As an investor who self manages a diversified portfolio of financial assets, I find it prudent to pay more attention than I often would like to all sorts of political and economic issues. In addition to following debates among politicians and economists, I also spend time thinking about a variety of topics. In an October 17 speech entitled, “Perspectives on Inequality and Opportunity from the Survey of Consumer Finances,” Janet Yellen touched on one such topic, namely wealth disparity.
Wealth disparity has received plenty of attention in recent years. As I’ve followed the views expressed by those who have access to the bully pulpit, discussions surrounding the causes and potential solutions to wealth disparity seem far too politically and economically convenient for those expressing the viewpoints. In fact, one of the biggest contributors to wealth disparity is almost never discussed—the stock market.
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While financial pundits and politicians always seem to put a positive spin on the stock market’s role in society, in fact, it could be argued that stocks are among the leading causes of wealth disparity. Basic math will help illustrate my point:
Let’s pretend there are four individuals invested in the stock market. Person number one has a $50,000 portfolio. Person number two has a $200,000 portfolio. Person number three has a $1,000,000 portfolio. And person number four has a $5,000,000 portfolio. In today’s dollars the spread between the highest and lowest portfolio values is $4,950,000. What do you think will happen to the spreads between the various portfolios as the stock market trends higher over time? Let’s take a look.
As a random example, let’s assume all four portfolios are invested in the same S&P 500 index fund and experience 8% compounded growth over the next 10 years. At the end of the 10-year period, the portfolios will be valued as follows:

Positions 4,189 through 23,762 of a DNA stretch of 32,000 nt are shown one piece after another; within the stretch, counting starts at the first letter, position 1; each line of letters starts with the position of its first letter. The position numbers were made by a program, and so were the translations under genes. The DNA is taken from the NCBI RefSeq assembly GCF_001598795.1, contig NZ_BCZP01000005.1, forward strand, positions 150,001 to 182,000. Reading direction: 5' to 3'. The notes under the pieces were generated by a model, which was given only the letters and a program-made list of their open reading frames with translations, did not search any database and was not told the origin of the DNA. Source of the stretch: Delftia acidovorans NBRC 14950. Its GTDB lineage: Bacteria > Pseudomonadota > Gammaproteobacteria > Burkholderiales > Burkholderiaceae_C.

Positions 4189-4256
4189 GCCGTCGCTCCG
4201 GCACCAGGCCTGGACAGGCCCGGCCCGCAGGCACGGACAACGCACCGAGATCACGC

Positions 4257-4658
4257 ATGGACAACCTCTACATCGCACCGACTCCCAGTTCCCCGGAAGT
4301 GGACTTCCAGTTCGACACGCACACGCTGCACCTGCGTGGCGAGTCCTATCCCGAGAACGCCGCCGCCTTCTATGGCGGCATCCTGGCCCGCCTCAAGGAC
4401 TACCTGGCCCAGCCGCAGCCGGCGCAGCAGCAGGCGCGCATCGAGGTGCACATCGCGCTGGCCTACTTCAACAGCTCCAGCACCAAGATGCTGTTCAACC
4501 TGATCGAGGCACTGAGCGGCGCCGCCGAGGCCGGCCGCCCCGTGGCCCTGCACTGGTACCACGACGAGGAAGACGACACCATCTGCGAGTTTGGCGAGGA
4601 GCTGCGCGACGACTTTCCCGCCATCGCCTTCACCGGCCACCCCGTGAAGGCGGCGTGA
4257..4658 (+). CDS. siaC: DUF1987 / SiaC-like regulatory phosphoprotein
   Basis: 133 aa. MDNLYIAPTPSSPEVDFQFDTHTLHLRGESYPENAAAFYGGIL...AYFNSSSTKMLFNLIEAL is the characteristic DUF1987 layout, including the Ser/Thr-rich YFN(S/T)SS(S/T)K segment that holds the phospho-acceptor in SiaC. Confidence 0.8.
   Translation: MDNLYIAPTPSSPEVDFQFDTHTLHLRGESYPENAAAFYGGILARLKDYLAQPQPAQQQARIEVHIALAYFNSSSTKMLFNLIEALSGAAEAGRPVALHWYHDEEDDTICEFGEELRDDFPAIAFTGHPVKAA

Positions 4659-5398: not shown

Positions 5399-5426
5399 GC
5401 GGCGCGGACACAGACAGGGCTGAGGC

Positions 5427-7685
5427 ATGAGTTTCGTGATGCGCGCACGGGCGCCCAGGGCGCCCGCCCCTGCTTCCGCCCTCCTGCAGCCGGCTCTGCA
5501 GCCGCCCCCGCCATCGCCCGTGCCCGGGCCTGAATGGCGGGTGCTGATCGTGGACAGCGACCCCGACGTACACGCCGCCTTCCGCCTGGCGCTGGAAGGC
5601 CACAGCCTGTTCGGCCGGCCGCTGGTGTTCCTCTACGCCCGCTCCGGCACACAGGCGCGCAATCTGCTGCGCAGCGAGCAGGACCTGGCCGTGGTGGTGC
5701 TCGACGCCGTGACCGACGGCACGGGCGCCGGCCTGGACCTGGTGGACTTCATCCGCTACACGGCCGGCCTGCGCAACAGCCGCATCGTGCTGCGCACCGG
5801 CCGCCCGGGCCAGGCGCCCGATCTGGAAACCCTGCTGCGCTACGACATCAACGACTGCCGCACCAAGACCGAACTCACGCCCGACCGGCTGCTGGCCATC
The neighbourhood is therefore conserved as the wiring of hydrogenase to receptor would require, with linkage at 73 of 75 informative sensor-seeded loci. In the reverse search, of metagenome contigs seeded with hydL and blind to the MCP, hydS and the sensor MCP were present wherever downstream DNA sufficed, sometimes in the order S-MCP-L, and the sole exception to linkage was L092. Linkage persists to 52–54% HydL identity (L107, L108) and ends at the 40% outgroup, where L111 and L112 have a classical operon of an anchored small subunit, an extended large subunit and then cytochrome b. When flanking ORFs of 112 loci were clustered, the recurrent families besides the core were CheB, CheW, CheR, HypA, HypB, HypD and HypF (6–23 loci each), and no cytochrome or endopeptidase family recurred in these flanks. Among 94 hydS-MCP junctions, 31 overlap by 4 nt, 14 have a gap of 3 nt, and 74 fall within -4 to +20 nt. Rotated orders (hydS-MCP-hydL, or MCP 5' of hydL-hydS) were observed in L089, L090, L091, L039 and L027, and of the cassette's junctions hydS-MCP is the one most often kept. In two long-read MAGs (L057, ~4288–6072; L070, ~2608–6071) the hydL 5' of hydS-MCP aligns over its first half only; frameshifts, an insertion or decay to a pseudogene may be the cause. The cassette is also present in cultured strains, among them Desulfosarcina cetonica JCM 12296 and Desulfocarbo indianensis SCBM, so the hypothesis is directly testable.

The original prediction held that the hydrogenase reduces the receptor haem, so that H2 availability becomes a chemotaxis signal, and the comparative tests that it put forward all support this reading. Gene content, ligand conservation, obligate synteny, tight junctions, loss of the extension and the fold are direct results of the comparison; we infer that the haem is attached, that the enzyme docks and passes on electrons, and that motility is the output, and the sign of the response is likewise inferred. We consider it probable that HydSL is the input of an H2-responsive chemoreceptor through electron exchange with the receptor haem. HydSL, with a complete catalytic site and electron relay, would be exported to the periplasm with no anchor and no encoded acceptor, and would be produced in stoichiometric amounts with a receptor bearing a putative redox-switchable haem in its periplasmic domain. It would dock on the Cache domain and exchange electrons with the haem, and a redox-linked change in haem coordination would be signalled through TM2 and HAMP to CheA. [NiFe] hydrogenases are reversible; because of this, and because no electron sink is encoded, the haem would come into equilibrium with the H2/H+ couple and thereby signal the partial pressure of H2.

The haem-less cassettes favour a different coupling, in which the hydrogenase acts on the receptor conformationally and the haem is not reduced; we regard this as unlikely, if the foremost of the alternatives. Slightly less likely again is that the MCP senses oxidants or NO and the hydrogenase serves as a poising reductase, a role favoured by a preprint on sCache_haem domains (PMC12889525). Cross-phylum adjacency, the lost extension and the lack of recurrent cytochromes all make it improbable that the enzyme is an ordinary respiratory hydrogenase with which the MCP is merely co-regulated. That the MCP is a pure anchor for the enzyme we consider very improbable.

Portfolio 1: $107,946.25
Portfolio 2: $431,785.00
Portfolio 3: $2,158,925.00
Portfolio 4: $10,794,625.00
Despite the fact that the four portfolios experienced the same compounded percentage growth, the dollar spread between the four exploded wider. The original $150,000 difference between portfolios one and two grew to $323,838.75 after 10 years. The $800,000 difference between portfolios two and three grew to $1,727,140. And the $4,000,000 difference between portfolios three and four widened to $8,635,700. Remember the original $4,950,000 spread between the highest and lowest portfolios? After 10 years, that has grown to $10,686,678.75. I’m sure you can imagine how wide the spreads would grow after 20, 30, or 40 years.
If you are a lower- or middle-income American, you are unlikely to ever be able to invest enough money to keep up with, let alone catch, those who are starting with much higher portfolio values. The law of compounding returns will work against you. It is no coincidence that charts of wealth disparity and charts of the stock market look eerily similar.
Furthermore, one could also make the argument that stocks are a contributor to disparate levels of income, especially in recent years. This is due to the fact public companies have been so intent on keeping their stock prices elevated, they’ve focused on cost-cutting, share buybacks, and dividends, rather than paying their employees more. While the stock market is perhaps one contributor to income disparity, the link between stocks and wealth disparity is much more clear. But because it is taboo to express anything but joyous opinions of the stock market, the fact that stocks are a major contributor to wealth disparity will continue to remain on the hush-hush.
If disparities in wealth and income are truly of great concern to Janet Yellen, she might want to rethink the role the Federal Reserve has in causing the very disparity that “greatly” concerns her. After all, QE forever hasn’t exactly helped narrow the gap in wealth disparity.
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